The misunderstood phenomenon called Aishwarya Rai Bachchan

The recent onslaught of trolling directed at actor Aishwarya Rai Bachchan, after her latest release, Fanney Khan failed to impress the critics, is amusing at some level and disturbing at another. The fact that actors get credit when films do well, and therefore should be prepared for facing criticism when they don’t, isn’t debatable. What doesn’t fit-in here is the extent and kind of flak that comes Aishwarya’s way when that happens. Feedback from so-called well-wishers turns into sermons on how she should reinvent her career, now that she’s in her 40’s and ‘time’s running out for her’.
Anonymous opinion pieces start floating about, questioning all her career choices till date. The latter is particularly ironical, given the fact that Aishwarya Rai has been one actor who has taken risks with her choice of films.
After winning the Miss World title in 1994 and getting the kind of attention she got in the process, the actor was spoilt for choice when it came to her debut vehicle. That she chose Mani Ratnam’s Iruvar over all mainstream Bollywood flicks on the table should have shown – fans and detractors alike – that she prefers the unconventional over the obvious. Why, she refused the historical role of Briseis opposite Brad Pitt in Troy, something that most actors would give an arm and a leg for. This, at a time when blink-and-you-miss-it roles in Hollywood were also being lapped up by Asian actors as gifts from God.
Whether it was the multi-layered character of Nandini in Hum Dil De Chuke Sanam (1999) or the subtle Neeru in Rituparno Ghosh’s Raincoat five years later, it was clear that the woman chose roles for the depth in them!! If more proof is needed of her tendency to listen to her gut over the roles that ‘experts’ would typically like ‘a beautiful Indian actress who can also dance’ to take up, one could simply look at her decision to play sister to Shah Rukh Khan (Josh; 2000) at a time when such a choice would have been considered suicidal for a heroine at her peak. For a woman with no filmi Godfather, one who chose to marry into the first family of Bollywood and still never looked around to lean on their connections for a career boost, simply having a mind of her own became a bane, when that is one thing most inspirational about her life’s journey. In a profession where facing flak for an outfit choice, a parenting choice, a choice to lose weight at their own pace, a choice to take time-out, a choice when to ‘comeback’ – are anyway considered a par for the course for women actors, at least a choice in the role they wish to take up or not, better be left to them. In peace.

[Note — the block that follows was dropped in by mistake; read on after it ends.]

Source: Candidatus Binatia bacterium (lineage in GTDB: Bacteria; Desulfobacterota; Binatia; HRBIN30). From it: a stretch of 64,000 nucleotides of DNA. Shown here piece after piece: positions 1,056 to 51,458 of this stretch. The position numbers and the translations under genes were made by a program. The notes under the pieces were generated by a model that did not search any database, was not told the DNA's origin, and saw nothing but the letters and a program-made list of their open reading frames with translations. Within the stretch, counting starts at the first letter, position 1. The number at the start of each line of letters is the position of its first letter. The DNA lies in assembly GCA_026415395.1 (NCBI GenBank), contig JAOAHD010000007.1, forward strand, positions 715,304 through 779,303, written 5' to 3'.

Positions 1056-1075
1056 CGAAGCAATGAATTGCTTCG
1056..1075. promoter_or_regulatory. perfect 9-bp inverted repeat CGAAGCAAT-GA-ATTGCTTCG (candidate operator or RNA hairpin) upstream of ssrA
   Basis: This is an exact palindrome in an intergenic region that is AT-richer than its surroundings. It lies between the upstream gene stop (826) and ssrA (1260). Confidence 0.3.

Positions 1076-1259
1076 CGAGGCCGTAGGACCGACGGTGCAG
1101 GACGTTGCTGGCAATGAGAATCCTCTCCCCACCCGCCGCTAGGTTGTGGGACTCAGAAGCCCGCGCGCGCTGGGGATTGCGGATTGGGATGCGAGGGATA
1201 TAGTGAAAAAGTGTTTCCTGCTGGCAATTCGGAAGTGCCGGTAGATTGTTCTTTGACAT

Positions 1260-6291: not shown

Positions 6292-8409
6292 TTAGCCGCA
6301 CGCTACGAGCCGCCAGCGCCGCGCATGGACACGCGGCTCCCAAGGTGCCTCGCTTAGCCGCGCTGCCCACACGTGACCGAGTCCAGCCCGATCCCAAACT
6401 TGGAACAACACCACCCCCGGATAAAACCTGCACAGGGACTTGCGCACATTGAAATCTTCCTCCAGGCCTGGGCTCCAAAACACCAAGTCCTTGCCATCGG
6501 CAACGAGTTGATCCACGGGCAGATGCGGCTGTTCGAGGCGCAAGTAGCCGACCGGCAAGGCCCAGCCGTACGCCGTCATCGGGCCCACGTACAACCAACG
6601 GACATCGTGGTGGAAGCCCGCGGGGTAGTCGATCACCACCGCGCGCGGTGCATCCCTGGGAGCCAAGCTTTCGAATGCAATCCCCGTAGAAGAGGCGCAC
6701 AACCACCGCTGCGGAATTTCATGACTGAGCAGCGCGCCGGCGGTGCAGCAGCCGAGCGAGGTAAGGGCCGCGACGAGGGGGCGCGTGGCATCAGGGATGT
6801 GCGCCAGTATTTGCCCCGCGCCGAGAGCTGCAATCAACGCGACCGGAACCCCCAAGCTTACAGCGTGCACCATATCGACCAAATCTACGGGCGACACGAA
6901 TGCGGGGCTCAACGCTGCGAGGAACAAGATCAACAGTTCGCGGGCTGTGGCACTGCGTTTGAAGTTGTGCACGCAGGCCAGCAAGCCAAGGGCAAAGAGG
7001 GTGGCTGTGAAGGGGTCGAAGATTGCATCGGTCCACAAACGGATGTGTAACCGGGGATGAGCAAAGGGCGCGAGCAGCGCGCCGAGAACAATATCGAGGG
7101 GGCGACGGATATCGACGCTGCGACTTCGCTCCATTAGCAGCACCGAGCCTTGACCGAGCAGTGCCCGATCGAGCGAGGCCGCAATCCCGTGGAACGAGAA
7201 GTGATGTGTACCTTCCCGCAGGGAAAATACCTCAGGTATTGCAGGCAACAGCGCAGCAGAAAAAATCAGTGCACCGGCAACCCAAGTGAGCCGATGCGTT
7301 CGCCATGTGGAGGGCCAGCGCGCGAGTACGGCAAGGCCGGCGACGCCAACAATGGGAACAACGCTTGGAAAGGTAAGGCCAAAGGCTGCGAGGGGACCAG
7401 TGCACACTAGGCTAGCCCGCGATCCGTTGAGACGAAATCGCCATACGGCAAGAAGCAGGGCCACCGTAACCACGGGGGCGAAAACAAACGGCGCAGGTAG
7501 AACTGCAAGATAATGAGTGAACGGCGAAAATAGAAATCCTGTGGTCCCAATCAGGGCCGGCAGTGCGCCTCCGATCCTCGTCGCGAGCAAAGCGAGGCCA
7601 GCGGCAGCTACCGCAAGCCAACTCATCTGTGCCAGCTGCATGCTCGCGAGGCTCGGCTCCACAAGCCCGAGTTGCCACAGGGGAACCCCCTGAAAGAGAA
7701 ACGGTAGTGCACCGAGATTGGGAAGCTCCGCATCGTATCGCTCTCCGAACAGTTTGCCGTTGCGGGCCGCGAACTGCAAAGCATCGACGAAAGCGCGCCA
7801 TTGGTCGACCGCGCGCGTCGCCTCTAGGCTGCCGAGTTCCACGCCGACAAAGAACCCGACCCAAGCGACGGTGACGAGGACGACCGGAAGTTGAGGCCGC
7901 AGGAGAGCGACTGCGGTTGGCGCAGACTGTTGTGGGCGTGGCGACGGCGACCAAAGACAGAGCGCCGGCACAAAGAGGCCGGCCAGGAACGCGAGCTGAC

And therefore, a Taal and a Chokher Bali, and an Ae Dil Hai Mushkil and a Sarbjit later, it’s ludicrous to ask Aishwarya Rai why she signed Fanney Khan. She clearly did because in her good judgment, she may have been convinced about the significance of the role, despite the script making it clear that the character came with only 20 minutes of screen time. If the film had worked, a collective applause would have gone the way of a veteran such as Anil Kapoor, a National Award winner such as Rajkummar Rao, and, of course, Aishwarya’s impressive ‘cameo’. If it hasn’t, well, let’s troll Aishwarya and tell her that she needs to make better choices in life. After all, if you look so beautiful despite the age, shouldn’t you grab the opportunity to merely romancing the hero, with both hands! Well, thankfully no. The times have changed and so has the thinking of actors and audiences. It’s time for the trolls to come to the party.

- Advertisement -